Royals

James Shields pitches Royals to 1-0 victory in series opener at New York

Royals starting pitcher James Shields (33) was congratulated by teammates after they defeated the Yankees 1-0 in Friday's baseball game in New York.
Royals starting pitcher James Shields (33) was congratulated by teammates after they defeated the Yankees 1-0 in Friday's baseball game in New York. AP

The formula still worked for the Royals, at least on this night.

It was Wade Davis rather than Greg Holland locking down the ninth inning Friday at Yankee Stadium, but the result was the same. And as long as Holland’s triceps issue is as minor as the Royals said it was, they can look back on this 1-0 win over the Yankees as one of the more satisfying of an already satisfying season.

And if Holland’s issue isn’t minor?

The Royals would rather not consider that possibility, but the way Davis handled the final two outs of this one (for his first major-league save), maybe even an injury to the closer wouldn’t derail this team.

“We’ve got guys who can close games in the ninth,” manager Ned Yost said, excited and also relieved after another game that was tense to the end. “We’ve got four of them. If we can get out of the sixth inning with a lead, we feel pretty good.”

The Royals got out of the third inning with a lead Friday, thanks to Alcides Escobar’s daring baserunning, Nori Aoki’s clutch hitting and James Shields’ brilliant pitching. They got out of the fourth, fifth, sixth and every inning through the ninth with that one-run lead intact and got themselves a big win on the first night of a very big road trip.

They held onto first place in the American League Central, with a two-game lead after Detroit lost 8-2 at home to San Francisco.

The Royals won for the 78th time this year and improved to 56-3 when they lead after six innings (and 69-1 when they lead after eight).

This one was a little different, if only because the Royals didn’t have Holland, the closer with the league-leading 42 saves. Yost said that Holland felt some tightness in his right triceps after his Wednesday night save against the Rangers. It’s not yet clear how long Holland will be out, but what was clear was that the Royals were insisting it wasn’t serious, but also that they wouldn’t push it with Holland.

“This is just precautionary,” Yost said. “[Kelvin] Herrera, Davis and Holland have been instrumental, elite bullpen guys. We’ve got to protect them.”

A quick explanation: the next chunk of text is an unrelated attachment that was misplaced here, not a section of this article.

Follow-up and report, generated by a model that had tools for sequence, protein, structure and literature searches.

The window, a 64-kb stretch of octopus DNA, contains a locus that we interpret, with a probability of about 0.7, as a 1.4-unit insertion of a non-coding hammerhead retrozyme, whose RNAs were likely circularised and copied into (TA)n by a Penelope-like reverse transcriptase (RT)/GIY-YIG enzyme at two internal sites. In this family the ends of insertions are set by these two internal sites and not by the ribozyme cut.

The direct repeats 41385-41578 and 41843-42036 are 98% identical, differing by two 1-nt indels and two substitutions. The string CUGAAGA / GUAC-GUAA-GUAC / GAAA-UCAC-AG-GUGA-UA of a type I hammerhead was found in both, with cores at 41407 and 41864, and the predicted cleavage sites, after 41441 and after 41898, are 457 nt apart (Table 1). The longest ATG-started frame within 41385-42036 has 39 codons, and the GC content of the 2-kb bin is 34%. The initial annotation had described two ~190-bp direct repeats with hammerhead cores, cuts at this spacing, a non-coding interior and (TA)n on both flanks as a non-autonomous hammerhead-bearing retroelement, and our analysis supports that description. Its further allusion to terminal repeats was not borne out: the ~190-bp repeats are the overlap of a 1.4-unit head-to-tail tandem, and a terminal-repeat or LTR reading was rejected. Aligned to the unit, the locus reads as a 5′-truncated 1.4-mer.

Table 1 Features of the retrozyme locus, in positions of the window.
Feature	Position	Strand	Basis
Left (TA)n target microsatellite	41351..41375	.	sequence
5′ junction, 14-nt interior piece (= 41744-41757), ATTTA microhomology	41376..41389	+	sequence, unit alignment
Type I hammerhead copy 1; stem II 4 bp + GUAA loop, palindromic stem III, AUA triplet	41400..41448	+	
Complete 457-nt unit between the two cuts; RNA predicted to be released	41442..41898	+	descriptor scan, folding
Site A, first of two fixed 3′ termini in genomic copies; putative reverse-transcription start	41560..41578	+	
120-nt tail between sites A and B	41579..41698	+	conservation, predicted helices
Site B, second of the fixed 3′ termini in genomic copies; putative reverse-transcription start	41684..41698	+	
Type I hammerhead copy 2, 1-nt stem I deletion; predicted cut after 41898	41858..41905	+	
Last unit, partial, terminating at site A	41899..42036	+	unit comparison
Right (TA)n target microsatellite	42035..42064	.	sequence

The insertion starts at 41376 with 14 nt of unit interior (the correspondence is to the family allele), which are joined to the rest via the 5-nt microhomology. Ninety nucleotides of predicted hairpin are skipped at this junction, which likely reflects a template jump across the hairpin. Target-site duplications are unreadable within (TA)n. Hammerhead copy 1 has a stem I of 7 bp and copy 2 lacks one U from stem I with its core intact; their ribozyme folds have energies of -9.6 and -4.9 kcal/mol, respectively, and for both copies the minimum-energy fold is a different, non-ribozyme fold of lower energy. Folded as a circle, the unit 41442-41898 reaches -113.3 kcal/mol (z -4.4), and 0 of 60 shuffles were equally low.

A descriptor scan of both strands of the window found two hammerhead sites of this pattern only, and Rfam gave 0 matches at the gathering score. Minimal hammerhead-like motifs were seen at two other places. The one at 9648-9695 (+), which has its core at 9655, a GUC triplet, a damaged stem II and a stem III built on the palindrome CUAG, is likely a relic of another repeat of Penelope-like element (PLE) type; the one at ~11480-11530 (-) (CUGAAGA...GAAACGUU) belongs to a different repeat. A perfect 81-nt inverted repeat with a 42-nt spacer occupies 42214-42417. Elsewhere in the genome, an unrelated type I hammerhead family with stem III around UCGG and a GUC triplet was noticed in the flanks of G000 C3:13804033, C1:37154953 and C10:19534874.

With no Holland, and with just the slimmest of leads, Yost began pondering in the fifth inning what he’d do if it was still a 1-0 game in the ninth.

He considered having Davis start the ninth, but with Shields having allowed just two hits and with his pitch count at a manageable 93 through eight, Yost opted to leave his starter in the game. He also considered leaving Shields out there to finish the ninth but decided that he wasn’t going to leave him in to possibly lose it.

So when Shields allowed a one-out single to Derek Jeter, Yost popped out of the dugout, and Davis came out of the bullpen, an inning later than usual. The task was tougher than usual, too, with the Yankees third- and fourth-place hitters due up and the tying run already on base.

Soon enough, that tying run was in scoring position, as pinch-runner Antoan Richardson stole second on a ball Davis threw to the backstop.

“I was actually happy he was on second, because then I didn’t have to worry about him stealing,” Davis said. “I was actually more relaxed.”

Soon enough, the Royals could relax, as Davis fired a pair of 98 mph fastballs past Brett Gardner, then got Carlos Beltran looking at another 98 mph fastball for the strike three that ended the game.

The Royals had an important and impressive win, one made possible by Shields and Davis, but also by Escobar and Aoki, who combined to produce the third-inning run. Escobar hustled to get to second base when his one-out ground ball got under the glove of third baseman Chase Headley and then took advantage of Jacoby Ellsbury’s weak arm when Aoki followed with a single up the middle.

“That was huge,” Yost said. “I was sitting on the bench when [Escobar] hit it. He made me stand up.”

The Royals made the one run stand up, thanks in large part to Shields, but also to the fill-in closer.

“To come in when Holly wasn’t available, in a one-run game in Yankee Stadium, our confidence in him has grown, if that was even possible,” pitching coach Dave Eiland said.

The Royals’ confidence grows with every win, and as long as Holland’s triceps issue really is minor, this one may have been worth just a little bit more.

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